Skimming through the text and picking up the relevant things are essential things. Correct reading techniques are also key. You must pay attention to the time limits since you have 3 reading passages and questions related to each of them to work on.

Academic writing

You will have 60 minutes to finish two writing tasks. In the first task you will be presented with a graph, table, chart, or diagram and asked to describe, summarise or explain the information in your own words. You may be asked to describe and explain data, describe the stages of a process, how something works or describe an object or event. In this task, you should form an overall picture of the information provided and introduce that to the reader. That would be your main message. Next, you should capture 3 details that you would like to highlight. These could be e.g. comparisons, process stages or other details you’d like to bring up in order to provide supportive messages to your main message. It is advised to spend 20 minutes on this writing task. 

In the second task, you will write an essay in response to a point of view, argument, or problem. In this task, the most important thing is that you will form your own viewpoint to the essay topic and introduce that in the beginning of the essay. After introducing your own point of view, you should provide different plus and minus messages related to your viewpoint. Taking approximately 5 minutes to prepare and get thoughts straight before writing is key for both tasks. For the essay writing you should save 40 minutes in total out of the 60 minutes. Responses to both tasks must be in a formal academic style.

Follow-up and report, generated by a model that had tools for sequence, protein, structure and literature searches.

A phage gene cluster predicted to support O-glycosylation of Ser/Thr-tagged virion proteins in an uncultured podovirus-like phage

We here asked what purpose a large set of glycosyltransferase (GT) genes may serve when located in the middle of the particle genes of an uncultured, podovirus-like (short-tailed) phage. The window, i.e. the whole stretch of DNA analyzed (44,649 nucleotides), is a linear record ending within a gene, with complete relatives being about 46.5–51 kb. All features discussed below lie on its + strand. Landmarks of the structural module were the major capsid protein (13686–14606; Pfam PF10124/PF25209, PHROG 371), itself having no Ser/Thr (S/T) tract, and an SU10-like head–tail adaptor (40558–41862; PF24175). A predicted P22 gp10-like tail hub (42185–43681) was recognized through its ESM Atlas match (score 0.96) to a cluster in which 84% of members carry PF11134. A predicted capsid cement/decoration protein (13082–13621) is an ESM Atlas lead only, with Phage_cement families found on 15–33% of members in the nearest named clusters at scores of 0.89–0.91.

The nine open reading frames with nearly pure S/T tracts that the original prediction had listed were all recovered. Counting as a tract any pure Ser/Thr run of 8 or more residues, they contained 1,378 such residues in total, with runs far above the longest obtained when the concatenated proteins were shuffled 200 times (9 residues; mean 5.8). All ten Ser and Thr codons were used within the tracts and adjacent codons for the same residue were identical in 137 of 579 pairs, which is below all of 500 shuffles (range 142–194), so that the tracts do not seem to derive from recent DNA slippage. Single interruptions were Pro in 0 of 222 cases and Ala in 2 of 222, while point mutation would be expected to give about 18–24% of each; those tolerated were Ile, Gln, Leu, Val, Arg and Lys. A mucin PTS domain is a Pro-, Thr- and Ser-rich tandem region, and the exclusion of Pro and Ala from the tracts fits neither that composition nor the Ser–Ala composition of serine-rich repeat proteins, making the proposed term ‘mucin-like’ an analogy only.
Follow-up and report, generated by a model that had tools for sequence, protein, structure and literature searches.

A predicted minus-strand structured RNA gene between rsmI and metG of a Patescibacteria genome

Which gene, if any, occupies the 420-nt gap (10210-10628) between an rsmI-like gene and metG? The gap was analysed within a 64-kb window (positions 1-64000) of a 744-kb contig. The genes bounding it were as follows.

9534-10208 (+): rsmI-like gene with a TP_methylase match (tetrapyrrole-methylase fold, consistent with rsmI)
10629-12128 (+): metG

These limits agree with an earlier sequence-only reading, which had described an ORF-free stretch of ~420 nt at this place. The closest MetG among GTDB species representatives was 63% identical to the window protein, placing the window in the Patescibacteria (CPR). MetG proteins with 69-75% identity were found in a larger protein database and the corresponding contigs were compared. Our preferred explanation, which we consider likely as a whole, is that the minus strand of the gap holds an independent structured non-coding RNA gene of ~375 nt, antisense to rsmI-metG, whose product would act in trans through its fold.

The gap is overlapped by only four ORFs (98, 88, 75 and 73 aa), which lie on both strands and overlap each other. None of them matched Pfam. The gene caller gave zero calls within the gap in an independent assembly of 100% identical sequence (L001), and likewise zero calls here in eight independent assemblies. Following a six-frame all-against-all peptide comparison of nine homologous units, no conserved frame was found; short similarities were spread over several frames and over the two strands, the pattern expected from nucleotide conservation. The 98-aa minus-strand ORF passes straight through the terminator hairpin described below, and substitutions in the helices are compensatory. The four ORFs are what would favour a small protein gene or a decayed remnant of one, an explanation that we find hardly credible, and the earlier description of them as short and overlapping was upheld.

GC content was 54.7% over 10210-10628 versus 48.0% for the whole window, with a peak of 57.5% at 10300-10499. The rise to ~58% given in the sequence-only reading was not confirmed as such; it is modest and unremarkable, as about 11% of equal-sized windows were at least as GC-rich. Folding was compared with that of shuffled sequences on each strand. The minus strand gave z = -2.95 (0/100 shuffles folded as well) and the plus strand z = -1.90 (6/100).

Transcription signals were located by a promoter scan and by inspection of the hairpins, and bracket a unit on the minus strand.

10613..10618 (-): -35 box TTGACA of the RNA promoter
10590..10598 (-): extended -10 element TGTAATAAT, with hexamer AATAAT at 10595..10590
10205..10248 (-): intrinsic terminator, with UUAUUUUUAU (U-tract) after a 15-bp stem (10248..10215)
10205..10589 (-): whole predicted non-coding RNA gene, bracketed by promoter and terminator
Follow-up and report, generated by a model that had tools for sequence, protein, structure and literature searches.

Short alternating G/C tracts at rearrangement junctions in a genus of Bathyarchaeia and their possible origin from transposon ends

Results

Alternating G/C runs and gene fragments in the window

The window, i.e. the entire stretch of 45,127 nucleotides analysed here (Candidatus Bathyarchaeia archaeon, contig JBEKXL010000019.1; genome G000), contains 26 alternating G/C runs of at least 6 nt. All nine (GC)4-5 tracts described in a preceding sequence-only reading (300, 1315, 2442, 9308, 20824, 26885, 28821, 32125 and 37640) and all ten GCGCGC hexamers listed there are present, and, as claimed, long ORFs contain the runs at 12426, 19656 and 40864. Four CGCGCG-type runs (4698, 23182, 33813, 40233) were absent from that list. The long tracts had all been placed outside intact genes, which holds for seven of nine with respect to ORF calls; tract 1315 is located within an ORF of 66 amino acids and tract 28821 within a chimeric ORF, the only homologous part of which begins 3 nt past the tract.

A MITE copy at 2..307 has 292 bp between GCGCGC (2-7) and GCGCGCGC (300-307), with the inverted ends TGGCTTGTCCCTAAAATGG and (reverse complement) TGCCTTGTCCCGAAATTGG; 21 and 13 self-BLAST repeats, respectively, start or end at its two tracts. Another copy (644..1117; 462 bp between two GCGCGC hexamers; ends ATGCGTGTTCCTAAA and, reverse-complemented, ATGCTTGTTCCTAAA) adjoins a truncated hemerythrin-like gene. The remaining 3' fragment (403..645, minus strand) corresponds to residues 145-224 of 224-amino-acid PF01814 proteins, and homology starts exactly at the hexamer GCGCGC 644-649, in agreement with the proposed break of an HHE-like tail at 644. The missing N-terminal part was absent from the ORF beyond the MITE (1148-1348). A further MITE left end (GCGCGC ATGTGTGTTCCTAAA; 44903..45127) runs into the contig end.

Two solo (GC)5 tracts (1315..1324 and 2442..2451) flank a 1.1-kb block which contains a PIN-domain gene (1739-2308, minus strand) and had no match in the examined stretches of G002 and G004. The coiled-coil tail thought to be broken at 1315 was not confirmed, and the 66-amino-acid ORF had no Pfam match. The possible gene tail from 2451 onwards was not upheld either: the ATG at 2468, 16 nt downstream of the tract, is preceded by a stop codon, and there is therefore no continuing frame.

The speaking part will last approximately 11-14 minutes. First, the examiner will ask you general questions about yourself and a range of familiar topics, such as home, family, work, studies, and interests. This part lasts four to five minutes. 

In the second part, you will be given a card which asks you to talk about a particular topic. There are also 2-3 subtopics provided in the card, so that will provide you some help to prepare. You will have one minute to prepare before speaking for up to two minutes. The examiner will then ask one or two questions on the same topic. The preparation time is key since you literally have to speak about the given topic up to two minutes – no longer than that. For me, the topic was a manner that I’d like to pick up from someone, and the subtopics were what would that manner be, from you I would like to get that from, and why.

In the last part, the examiner will ask you further questions about the topic, which you just talked about up to two minutes. These questions will give you the opportunity to discuss more abstract ideas and issues. For me, the conversation moved towards social customs for children; what social customs would be important to learn, and why. This part of the test lasts four to five minutes.

More information about the IELTS score requirements for universities (Master Study Portal):

More information about the IELTS language test:

IELTS score scale

Source: IELTS (2022) Available at:

Author: Pia Jääskeläinen, Senior Lecturer, Xamk Mikkeli